Bound by ropes and appearing to be covering its face in anguish, this perfectly preserved mummy is shedding light on the life and death of cultures that once lay along the mountainous coast of Peru.
The apparently tormented remains were recently discovered in November last year by researchers from the National University of San Marcos at the Cajamarquilla archaeological complex on the outskirts of the Peruvian capital Lima. According to an announcement by the university, the mummy dates to somewhere between 1,200 and 800 years old, a period when this settlement was a bustling hive of trade between the coastal and mountain communities during the late pre-Hispanic period. Their research indicates that this person was a male who died between the ages of 18 and 22 years old. Since they were buried in the middle of where the plaza once stood, they suspect this was a person of relatively high social status or perhaps a merchant.
Still in remarkably good condition, the remains were discovered with ropes tied around the body, cowering in a fetal position with the hands covering their face. They were buried along with the skeletons of a guinea pig and what appears to be a dog inside an underground cone-shaped funerary structure, approximately 3 meters (~10 feet) in length and 1.4 meters (4.5 feet) deep.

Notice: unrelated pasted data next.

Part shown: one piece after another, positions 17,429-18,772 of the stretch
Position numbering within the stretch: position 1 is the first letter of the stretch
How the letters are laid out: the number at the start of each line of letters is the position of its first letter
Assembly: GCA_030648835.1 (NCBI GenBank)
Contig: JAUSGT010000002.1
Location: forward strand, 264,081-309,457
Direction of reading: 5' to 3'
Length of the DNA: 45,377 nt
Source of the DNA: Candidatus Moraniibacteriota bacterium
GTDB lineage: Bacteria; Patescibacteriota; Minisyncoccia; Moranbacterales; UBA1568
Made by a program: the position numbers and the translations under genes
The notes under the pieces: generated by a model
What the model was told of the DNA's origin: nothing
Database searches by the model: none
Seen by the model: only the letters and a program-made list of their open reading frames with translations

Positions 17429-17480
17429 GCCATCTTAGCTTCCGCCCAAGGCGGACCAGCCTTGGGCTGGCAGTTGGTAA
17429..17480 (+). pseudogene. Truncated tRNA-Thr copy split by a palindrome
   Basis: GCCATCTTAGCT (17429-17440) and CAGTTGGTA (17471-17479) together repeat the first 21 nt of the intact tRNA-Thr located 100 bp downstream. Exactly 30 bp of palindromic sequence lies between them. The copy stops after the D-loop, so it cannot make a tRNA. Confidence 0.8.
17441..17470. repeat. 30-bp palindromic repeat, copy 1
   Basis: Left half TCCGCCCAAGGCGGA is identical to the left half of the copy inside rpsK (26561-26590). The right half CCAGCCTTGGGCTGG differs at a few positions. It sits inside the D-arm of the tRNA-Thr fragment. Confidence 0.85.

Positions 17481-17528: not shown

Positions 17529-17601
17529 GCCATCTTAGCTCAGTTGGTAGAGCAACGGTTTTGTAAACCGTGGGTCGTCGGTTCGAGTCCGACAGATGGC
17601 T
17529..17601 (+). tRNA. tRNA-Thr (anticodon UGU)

While this burial might appear brutal to our modern eyes, archaeologists on the project say it’s not unheard of in pre-Incan mountain-dwelling cultures of present-day southern Peru. It did bring some surprises, however.
Pieter Van Dalen Luna, one of the archaeologists who led the excavation, told CNN that they discovered several marine mollusks outside the tomb of the mummy, which was unexpected considering the site is some 25 kilometers (15 miles) from the coast. There was also evidence of llama bones, a commonly reared animal in Andean cultures.
This, they say, is likely the product of the ongoing nature of pre-Incan funerary practices; bodies were not simply buried and forgotten, but part of a practice that continues long after death.
"After the body is placed in the tomb, there are constant events and activities," Van Dalen Luna explained. "That is to say, their descendants keep coming back over many years and placing food and offerings there, including mollusks."
"The discovery of this resident sheds a new light on interactions and relationships in pre-Hispanic times," he added.